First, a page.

One of the things that we’ve realized is just within our audience, people could watch on our desktop, laptop, mobile app. We got TV apps, Youtube. If you did at like a heat overlay of our website, the number one button that people press is full screen. So most of the people that are consuming our content is in full screen. So we spent a lot of time on our design and it’s nice and it works for engagement. But most people they’ll say, hey, photo response card. It’s right here. So a lot of people think like lower thirds. I’m like, no, everybody’s full screen. So something that we’ve realized that we’ve started to do is just to kind of throw out, hey, like if you watch online, use something like if you want saddleback’s online service, something that I say verbatim pretty much is like, ‘hey, thanks for watching online. You can fill out a response card or you can email online@saddleback.com’ and by even having easy action call like that. So somebody watched it on Facebook. What you want is you want them to go, ‘how do I contact?’ so they can private message. They can comment below or email online@saddleback.com and that’s what we do even with Youtube at the end of our messages on Youtube, there’s a 30 second pitch for me. Or say, ‘hey, thanks for watching on Youtube this week. I want to challenge you to get into community.’ And the next step because I can’t give them a response card.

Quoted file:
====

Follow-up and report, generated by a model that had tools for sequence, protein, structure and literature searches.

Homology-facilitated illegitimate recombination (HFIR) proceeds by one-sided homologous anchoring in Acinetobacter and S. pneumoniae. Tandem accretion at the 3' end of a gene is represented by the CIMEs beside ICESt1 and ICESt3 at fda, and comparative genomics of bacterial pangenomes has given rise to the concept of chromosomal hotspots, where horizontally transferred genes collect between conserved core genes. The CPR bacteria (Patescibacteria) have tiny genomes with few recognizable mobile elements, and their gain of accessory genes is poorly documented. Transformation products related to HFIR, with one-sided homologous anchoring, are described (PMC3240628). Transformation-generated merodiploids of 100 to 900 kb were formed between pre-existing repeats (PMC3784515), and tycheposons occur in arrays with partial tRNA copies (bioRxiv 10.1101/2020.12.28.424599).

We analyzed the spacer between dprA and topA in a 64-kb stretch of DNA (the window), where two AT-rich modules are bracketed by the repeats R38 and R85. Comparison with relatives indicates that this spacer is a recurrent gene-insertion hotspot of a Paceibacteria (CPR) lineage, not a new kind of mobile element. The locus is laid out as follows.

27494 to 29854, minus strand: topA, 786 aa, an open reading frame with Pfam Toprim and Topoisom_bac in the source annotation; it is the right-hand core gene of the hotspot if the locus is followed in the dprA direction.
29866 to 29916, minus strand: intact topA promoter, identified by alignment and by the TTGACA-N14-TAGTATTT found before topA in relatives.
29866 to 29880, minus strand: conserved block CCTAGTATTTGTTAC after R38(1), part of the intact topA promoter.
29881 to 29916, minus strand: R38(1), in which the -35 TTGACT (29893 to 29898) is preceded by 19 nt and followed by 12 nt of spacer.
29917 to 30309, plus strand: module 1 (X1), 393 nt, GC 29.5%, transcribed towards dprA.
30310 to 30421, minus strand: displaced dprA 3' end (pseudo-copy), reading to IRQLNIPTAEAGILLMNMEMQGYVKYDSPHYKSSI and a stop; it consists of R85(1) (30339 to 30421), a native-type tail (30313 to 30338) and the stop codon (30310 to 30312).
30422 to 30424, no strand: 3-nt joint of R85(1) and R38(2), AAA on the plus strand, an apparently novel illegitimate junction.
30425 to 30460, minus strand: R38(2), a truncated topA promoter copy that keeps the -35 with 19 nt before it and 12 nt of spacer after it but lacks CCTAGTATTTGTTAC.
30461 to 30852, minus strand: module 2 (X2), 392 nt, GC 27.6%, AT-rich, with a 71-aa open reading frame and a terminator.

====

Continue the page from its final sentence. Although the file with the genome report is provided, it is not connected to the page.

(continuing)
Mingo Palacios:

Because they’re full screen.

Jay Kranda:

They’re not going to go to the description and click on a link. They might, but it’s a very low percentage. But online@saddleback.com is an easy, memorable way

Mingo Palacios:

Something they can remember. Even after the watching, he can remember that you can hit it. Now, do me a favor because you know, as much as I’d like to just unpack everything and have like an all day conversation, dig into some of your survey questions and some of the results so that you can provide a little bit of clarity for folks if they’re asking maybe some of the same questions, you can give them a little bit of a tension release in a sense in comparison to maybe a hundred other churches that you said you had surveyed.